|Nana is on the right.....walking with a neighbour.....I'd love to know what they were talking about.|
|Queenie, aged 21|
My parents and I lived with her for the first 4 years of my life. My early memories of her are that she systematically broke every piece of a 110 piece dinner service my mother had received as a wedding present. ( not strictly true, I have about 6 pieces of it left). I can remember hearing a crash from the kitchen, my mother raising her eyebrows, and Nana shouting “ oopps...sorry Joy, that’s another bit gone “
Nana took me for great walks in the park, and always told me how much I would have loved “her Billy” ( her husband who died in 1946.....he’s the one I have since discovered was a bigamist, and Queenie was actually his third, simultaneously held, wife).
|Queenie and her Billy, in 1928|
Her motor bike was her pride and joy, and she would go for midnight rides in north London. The police followed her home one night, and suggested that she should probably stick to day time rides in the future...she was about 70 at the time.
|no caption needed....it's just Loopy nana|
Nana worked in munitions in the war, and then when Billy died she became a factory superviser for the Tilley lamp company. Later in life, she considered retirement, and then decided against it, working as a tea lady for an estate agent until she was in her late 80s. When I was a student ( mid 70s) she sent me £1 every week, in an envelope, with her latest news. That continued for 4 years, she was my most reliable source of income, at a time when £1 would certainly pay for a decent night out at the pub.My father adored her, and she spent every weekend at our house, every Christmas day, and she joined us for a week of every family holiday we ever had. Nana could climb on the rocks, wield a mean cricket bat in any beach cricket game, and was always our favourite baby sitter.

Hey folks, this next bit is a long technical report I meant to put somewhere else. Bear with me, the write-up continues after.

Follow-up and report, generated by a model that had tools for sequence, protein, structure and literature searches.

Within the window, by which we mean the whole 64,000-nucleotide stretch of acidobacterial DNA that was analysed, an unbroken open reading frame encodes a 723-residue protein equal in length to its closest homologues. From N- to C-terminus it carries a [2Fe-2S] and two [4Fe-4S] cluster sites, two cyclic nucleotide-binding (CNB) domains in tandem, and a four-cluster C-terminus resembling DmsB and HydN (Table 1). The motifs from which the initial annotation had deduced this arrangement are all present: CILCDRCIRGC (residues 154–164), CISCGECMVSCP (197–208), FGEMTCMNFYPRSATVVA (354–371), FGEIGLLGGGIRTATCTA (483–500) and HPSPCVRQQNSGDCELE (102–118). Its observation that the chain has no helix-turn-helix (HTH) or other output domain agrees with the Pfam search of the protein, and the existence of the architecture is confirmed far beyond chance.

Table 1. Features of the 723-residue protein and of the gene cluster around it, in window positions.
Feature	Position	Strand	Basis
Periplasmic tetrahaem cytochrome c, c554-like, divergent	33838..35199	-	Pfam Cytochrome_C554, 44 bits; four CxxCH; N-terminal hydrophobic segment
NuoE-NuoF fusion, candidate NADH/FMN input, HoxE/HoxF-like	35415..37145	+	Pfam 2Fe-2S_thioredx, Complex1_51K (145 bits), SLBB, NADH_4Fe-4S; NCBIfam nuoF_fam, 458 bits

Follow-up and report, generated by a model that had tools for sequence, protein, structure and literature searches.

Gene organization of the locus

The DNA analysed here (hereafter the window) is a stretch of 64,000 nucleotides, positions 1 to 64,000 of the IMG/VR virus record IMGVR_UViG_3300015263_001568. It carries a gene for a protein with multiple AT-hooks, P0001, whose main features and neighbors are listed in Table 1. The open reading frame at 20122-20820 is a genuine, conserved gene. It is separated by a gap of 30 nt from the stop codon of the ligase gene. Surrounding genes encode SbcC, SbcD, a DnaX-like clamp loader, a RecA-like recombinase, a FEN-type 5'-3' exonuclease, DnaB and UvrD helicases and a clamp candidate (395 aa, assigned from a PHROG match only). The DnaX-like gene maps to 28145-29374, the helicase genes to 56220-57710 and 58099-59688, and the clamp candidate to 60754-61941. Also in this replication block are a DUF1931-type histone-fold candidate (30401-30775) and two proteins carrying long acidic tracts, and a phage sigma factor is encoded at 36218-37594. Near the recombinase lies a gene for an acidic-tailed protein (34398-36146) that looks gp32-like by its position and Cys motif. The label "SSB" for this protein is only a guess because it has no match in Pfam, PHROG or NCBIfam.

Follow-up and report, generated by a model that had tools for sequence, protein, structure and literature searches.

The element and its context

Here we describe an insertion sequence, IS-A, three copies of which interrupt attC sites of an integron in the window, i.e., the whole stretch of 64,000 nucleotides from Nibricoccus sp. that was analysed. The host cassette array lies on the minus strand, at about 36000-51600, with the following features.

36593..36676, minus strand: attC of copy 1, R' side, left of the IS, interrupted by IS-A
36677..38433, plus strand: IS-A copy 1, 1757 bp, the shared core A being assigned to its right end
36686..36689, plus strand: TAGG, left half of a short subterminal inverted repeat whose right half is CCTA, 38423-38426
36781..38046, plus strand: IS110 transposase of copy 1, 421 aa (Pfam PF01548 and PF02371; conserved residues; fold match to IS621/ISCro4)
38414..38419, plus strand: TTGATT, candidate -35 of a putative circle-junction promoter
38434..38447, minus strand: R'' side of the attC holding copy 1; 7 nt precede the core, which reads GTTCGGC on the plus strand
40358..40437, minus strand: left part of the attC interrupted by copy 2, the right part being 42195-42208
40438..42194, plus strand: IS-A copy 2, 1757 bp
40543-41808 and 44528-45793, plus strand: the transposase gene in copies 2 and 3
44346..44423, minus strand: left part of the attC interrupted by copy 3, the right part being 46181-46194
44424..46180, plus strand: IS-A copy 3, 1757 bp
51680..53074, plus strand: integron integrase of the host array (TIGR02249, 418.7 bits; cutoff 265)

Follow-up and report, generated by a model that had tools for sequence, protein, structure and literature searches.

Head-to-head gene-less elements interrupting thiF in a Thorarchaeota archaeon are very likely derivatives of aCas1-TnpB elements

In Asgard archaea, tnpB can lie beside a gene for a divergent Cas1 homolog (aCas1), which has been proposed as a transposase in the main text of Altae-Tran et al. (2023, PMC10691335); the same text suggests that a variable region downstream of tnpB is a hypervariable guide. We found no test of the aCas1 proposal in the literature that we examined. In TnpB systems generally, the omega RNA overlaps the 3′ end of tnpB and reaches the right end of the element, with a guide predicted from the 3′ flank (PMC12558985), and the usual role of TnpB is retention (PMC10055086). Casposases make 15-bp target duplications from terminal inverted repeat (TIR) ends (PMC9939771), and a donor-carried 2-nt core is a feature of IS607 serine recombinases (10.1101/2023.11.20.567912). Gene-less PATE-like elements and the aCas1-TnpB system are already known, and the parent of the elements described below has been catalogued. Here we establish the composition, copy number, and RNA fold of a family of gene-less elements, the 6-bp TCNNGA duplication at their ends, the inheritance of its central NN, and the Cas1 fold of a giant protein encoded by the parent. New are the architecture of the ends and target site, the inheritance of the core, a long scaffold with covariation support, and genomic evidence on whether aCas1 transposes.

Between being 16 and 18, I would go to her little flat for tea, every Thursday night after school. We had sausages and mash every time. Nana would ask what I wanted “next week” as I was leaving, and no matter what I suggested for a change..... it would be sausages and mash the following week.
I do remember being a little hurt when finding a Congratulations on the birth of your daughter ( me) card, in a box, with the words “ oh well, better luck next time, the train set will have to wait “. However, as she bought me a big red fire engine as a present when I went into hospital when I was 2, I guess, by then, she’d forgiven me for not being a boy.
We started to refer to her as “loopy nana” when distinguishing her from our other, not so loopy nana. It stuck, and she loved it. I am very proud to have inherited that title, and will work hard to deserve it.
|Loopy Nana on the right, not so loopy nana ( nanny) on the left, with their great grandaughter, my daughter Jessie between them. This was taken just a couple of months before Loopy nana died......so glad she met Jess !|